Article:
Spiritual Care Handbook on PTSD/TBI
Rev. Brian P. Hughes, BCC; Rev. George Handzo, BCC
CE Credit: 3 Hours
Learning Level: Introductory
Spiritual Care Handbook on PTSD/TBI is a 3-hour online continuing education (CE) course that offers guidelines for providing appropriate and sensitive care to persons with posttraumatic stress disorder and traumatic brain injury.
With the wars in the Persian Gulf, Afghanistan, and Iraq, a new generation of military veterans has arrived home, requiring appropriate and sensitive pastoral care. This course is based on a handbook written for the Department of the Navy by The Rev. Brian Hughes and The Rev. George Handzo, entitled Spiritual Care Handbook on PTSD/TBI: The Handbook on Best Practices for the Provision of Spiritual Care to Persons with Post Traumatic Stress Disorder and Traumatic Brain Injury. This manual begins by describing the criteria for posttraumatic stress disorder and traumatic brain injury. The handbook goes on to outline a theory of recovery, to describe the general stance of the pastoral counselor, and to provide guidelines for sensitivity to differences in religion, culture, and gender.
Referring to the empirical literature, specific pastoral interventions are described, including group work, meaning-making, spiritual care interventions, clinical use of prayer and healing rituals, confession work, percentage of guilt discussion, life review, scripture paralleling, reframing God assumptions, examining harmful spiritual attributions, encouraging connection with a spiritual community, mantra repetition, creative writing, sweat lodges, psychic judo, interpersonal therapy, and trauma incident reduction. Several other beneficial features include a description of seven stages of faith development and tips for self-care for the pastoral counselor.
Closeout Course #30-66 | 2009 | 112 pages | 18 posttest questions
Professional Development Resources is an AOTA Approved Provider of continuing education (#3159). OT Content Focus - Domain of OT: Client Factors; OT Process: Evaluation. This program is offered for 0.3 CEUs. The assignment of AOTA CEU's does not imply endorsement of specific course content, products, or clinical procedures by AOTA. Professional Development Resources is also approved by the Florida Board of OT Practice (#34). Participant successfully completed the required assessment component for this activity.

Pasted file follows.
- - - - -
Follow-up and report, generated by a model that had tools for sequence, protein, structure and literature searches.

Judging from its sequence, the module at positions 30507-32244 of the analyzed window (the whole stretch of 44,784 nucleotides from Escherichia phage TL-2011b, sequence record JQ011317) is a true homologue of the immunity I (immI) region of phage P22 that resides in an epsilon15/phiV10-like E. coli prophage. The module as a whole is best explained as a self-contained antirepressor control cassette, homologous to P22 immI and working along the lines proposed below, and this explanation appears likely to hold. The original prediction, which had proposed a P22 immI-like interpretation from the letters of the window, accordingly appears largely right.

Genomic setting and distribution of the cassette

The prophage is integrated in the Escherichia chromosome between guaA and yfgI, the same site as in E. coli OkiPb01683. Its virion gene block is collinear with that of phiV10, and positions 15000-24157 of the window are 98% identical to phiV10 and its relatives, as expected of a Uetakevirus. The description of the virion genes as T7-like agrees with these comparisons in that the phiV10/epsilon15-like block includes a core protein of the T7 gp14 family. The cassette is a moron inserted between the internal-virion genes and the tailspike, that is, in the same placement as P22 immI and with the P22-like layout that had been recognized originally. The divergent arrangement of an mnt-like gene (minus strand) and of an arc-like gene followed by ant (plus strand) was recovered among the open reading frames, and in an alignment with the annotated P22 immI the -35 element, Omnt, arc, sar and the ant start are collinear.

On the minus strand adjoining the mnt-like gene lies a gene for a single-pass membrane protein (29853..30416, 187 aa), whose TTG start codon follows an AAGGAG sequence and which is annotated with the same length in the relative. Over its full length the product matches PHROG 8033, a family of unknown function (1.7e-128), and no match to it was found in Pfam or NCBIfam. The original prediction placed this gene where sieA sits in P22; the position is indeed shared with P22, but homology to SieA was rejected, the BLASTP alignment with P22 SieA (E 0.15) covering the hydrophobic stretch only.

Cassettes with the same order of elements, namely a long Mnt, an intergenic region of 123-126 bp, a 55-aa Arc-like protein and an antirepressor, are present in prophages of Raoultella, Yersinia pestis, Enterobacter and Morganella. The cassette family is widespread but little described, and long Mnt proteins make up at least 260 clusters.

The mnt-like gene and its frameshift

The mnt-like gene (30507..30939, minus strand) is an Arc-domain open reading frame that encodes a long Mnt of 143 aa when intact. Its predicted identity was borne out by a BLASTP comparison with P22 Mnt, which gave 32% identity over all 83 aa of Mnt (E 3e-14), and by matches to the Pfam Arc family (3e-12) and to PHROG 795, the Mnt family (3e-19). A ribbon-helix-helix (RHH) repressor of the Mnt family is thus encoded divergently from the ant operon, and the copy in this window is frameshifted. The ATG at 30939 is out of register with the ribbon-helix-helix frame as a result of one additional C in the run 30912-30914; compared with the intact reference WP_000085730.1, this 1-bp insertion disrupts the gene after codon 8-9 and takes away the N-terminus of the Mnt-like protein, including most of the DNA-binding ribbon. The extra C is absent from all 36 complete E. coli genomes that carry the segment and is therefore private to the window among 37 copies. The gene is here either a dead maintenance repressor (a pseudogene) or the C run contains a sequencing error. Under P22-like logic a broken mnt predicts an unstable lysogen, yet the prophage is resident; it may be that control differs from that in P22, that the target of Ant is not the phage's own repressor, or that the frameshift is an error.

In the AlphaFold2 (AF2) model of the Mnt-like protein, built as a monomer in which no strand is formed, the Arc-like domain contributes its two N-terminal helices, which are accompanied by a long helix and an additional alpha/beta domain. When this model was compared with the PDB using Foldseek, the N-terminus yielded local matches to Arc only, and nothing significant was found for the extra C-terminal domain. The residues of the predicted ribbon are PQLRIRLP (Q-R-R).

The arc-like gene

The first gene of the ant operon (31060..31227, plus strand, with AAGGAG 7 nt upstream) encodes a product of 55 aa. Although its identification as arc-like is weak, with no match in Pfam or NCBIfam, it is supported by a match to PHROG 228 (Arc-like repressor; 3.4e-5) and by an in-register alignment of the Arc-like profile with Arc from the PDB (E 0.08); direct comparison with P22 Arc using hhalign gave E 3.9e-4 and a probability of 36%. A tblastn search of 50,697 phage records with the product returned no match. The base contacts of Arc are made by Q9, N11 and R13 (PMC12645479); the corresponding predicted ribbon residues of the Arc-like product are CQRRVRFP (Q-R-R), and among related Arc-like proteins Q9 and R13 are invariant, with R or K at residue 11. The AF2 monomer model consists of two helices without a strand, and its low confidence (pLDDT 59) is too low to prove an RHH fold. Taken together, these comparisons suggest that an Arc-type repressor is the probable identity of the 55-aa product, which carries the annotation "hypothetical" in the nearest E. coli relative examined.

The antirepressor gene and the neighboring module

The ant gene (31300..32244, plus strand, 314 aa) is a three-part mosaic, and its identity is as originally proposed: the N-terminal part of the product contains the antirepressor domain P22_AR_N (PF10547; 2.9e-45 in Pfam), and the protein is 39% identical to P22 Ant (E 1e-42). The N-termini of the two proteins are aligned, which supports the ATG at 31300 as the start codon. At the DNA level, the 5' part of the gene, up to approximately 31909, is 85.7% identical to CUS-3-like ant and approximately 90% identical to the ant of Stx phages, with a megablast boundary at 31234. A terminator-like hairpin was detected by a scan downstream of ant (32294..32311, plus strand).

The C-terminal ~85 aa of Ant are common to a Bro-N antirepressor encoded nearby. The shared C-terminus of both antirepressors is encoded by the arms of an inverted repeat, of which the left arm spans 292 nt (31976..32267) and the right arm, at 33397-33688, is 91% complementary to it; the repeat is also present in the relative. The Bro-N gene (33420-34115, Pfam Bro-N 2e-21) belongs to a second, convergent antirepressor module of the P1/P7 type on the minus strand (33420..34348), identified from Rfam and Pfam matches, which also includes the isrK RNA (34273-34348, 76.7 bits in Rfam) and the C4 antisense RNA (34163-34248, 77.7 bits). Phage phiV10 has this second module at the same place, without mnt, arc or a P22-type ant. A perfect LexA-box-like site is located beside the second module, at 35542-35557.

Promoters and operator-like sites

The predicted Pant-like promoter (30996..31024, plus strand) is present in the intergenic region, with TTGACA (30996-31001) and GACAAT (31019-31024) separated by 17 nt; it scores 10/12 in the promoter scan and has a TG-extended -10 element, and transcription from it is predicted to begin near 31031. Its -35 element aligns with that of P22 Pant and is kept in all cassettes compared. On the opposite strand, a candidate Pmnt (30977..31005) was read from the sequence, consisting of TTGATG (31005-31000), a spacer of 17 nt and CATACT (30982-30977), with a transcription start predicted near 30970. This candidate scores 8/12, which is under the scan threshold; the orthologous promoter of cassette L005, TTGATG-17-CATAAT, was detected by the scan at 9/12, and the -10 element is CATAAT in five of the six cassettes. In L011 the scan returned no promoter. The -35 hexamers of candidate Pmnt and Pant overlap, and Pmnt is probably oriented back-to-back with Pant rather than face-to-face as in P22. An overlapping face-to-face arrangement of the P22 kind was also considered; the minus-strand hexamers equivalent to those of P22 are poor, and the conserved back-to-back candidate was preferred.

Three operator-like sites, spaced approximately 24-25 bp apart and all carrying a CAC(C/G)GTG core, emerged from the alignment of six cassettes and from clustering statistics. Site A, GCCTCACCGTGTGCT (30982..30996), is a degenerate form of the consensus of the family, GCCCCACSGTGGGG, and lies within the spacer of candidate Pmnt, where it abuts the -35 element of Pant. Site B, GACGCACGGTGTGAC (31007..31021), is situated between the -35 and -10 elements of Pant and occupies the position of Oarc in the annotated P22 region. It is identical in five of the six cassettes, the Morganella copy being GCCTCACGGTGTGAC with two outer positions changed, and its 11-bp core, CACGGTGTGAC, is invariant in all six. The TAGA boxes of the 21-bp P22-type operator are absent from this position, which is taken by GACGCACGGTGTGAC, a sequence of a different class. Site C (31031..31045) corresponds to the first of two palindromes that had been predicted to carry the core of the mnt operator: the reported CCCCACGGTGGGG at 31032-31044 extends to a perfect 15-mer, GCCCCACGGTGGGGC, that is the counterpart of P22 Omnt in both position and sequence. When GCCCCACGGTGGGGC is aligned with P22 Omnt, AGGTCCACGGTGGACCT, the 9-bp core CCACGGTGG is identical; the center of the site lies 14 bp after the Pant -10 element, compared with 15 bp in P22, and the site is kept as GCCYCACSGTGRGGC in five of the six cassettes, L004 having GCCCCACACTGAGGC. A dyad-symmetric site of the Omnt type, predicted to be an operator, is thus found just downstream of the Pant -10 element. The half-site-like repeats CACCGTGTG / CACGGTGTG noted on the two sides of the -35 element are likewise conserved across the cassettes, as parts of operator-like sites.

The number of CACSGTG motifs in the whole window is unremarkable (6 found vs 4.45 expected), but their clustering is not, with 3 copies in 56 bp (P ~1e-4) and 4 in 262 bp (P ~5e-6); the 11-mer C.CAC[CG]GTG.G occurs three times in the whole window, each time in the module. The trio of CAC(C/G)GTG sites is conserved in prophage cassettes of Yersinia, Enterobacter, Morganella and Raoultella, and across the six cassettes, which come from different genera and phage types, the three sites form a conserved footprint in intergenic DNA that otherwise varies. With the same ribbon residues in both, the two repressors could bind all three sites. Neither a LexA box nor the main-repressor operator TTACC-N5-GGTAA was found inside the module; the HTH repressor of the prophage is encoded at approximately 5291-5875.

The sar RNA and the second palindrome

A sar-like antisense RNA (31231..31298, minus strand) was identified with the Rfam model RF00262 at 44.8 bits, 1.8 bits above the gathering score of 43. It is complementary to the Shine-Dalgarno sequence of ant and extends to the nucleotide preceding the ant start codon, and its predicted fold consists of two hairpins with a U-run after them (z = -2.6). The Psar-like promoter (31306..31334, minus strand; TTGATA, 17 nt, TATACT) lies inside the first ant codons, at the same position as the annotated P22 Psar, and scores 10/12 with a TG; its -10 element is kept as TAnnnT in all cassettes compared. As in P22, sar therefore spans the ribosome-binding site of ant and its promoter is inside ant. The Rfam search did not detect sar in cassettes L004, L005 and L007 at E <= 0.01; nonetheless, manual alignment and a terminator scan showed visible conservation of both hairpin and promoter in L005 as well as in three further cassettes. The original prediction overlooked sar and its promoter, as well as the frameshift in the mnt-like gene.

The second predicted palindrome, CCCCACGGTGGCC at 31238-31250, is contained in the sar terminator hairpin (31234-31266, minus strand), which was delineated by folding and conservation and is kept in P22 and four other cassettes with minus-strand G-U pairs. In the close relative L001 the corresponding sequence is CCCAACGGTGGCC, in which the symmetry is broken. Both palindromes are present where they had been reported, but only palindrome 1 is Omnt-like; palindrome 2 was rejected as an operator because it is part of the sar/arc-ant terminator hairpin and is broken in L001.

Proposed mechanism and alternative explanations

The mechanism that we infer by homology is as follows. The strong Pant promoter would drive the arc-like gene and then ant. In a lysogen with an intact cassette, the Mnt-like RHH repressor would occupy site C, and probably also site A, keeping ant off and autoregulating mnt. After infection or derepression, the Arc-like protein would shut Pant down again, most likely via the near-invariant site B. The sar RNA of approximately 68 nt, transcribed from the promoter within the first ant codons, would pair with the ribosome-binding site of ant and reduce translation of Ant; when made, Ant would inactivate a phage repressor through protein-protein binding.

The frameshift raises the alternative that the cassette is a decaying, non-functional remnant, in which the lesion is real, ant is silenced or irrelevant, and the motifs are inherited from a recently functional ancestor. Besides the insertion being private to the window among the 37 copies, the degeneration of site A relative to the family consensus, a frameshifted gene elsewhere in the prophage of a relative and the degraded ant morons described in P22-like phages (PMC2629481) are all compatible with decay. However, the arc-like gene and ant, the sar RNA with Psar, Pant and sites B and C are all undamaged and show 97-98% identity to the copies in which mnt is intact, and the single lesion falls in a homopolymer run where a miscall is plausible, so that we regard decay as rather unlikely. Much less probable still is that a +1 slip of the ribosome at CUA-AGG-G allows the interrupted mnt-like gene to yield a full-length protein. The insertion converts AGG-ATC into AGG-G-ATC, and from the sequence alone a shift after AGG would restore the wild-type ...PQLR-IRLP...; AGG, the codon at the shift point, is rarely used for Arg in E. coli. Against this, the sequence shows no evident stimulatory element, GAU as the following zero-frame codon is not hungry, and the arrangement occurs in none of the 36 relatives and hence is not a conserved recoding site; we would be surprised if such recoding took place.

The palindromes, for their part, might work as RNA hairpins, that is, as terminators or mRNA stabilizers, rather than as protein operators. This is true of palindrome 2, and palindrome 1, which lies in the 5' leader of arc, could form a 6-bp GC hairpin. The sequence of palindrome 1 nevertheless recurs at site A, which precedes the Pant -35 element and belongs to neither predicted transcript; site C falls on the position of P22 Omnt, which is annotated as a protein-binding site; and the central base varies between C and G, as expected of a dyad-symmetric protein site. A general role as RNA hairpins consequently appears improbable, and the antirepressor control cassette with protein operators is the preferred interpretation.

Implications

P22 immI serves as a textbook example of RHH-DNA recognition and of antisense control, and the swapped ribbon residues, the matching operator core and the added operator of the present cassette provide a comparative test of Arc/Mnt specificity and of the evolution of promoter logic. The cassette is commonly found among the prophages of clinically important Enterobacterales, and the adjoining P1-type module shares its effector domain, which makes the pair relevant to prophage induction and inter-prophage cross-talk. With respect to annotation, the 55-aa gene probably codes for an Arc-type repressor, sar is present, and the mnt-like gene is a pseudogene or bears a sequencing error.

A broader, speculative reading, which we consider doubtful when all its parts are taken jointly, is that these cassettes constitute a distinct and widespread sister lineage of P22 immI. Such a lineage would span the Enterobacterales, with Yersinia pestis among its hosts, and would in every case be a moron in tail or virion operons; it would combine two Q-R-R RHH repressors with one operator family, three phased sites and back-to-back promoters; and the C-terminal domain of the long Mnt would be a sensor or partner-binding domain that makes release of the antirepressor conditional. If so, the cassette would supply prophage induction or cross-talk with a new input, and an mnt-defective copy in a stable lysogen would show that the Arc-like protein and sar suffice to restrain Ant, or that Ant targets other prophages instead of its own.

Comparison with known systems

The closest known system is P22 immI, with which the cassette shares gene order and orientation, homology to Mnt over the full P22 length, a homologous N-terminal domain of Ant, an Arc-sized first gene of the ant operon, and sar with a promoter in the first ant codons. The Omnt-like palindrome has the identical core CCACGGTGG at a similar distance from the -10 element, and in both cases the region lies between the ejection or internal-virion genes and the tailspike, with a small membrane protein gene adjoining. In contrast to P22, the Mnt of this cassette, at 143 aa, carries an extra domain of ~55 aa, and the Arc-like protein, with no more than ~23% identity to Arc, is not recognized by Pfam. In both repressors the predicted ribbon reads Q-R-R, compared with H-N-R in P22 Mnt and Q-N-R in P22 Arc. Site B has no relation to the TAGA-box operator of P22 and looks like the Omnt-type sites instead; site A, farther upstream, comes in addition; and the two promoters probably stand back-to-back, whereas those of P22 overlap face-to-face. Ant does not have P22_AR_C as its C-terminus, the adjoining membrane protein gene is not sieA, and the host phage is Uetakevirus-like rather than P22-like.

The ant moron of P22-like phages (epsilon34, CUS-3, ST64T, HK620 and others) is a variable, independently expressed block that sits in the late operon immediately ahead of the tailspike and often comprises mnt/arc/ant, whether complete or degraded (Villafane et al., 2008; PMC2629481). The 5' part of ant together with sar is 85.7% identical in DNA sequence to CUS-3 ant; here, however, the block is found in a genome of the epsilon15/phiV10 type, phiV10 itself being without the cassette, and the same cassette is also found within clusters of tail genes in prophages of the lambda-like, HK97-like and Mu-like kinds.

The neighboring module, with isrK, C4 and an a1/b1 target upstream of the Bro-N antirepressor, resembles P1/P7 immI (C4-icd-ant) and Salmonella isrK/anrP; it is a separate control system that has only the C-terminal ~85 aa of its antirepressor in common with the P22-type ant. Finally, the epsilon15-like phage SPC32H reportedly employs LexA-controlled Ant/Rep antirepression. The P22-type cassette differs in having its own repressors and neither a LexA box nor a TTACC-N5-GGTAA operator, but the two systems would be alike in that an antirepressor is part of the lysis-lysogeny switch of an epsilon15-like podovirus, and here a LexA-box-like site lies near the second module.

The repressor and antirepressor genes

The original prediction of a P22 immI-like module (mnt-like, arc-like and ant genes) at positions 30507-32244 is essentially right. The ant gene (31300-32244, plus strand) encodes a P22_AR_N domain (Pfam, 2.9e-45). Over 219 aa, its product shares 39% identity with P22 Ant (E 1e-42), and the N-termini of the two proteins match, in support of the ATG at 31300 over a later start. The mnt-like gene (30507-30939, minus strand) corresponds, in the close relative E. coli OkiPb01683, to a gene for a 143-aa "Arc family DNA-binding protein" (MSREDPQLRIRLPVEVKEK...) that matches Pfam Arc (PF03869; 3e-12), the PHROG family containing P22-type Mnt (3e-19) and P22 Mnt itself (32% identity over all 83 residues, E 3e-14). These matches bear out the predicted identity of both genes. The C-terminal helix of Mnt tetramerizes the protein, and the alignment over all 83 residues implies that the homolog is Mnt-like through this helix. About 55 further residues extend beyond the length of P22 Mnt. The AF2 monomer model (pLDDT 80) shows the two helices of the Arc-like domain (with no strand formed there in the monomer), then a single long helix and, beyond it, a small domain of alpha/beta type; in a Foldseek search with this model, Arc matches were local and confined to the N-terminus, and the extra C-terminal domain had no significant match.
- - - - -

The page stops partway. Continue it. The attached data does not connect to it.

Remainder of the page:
This web-based course provides instant access to the course materials (PDF download) and CE test. After enrolling, click on My Account and scroll down to My Active Courses. From here you’ll see links to download/print the course materials and take the CE test (you can print the test to mark your answers on it while reading the course document).
Successful completion of the online CE test (80% required to pass, 3 chances to take) and course evaluation are required to earn a certificate of completion. Click here to learn more.
The difference between online and web-based courses is that web-based course documents were not created by us (they are published documents from external sources located in the public-domain for educational purposes). Please note page numbers in the abstract above as these documents are not generally formatted for printing.
Rev. Brian P. Hughes, BCC, has worked as a hospital chaplain in Phoenix, Dallas, and Philadelphia. He has a Master of Divinity degree from Princeton Theological Seminary, and a Master of Religious Communication from Abilene Christian University in Abilene, TX. Chaplain Hughes is involved in ongoing research projects in a number of chaplaincy-related areas, and is chair of the Association of Professional Chaplains’ Education Committee. He is married to Dr. Jenevieve Hughes, a breast cancer surgeon in Richardson, TX, and they are raising a daughter, Adelyn.
Rev. George Handzo, BCC, is Vice President for Pastoral Care Leadership and Practice at HealthCare Chaplaincy. Rev. Handzo directs the only consulting service devoted to the strategic assessment, planning and management of chaplaincy services. Healthcare Chaplaincy employs best practices in strategic planning and clinical practice to maximize the effectiveness of an organization’s pastoral care and to align it with the institution’s overall objectives. George also leads the management of chaplaincy services in fifteen healthcare institutions in the metropolitan New York City area.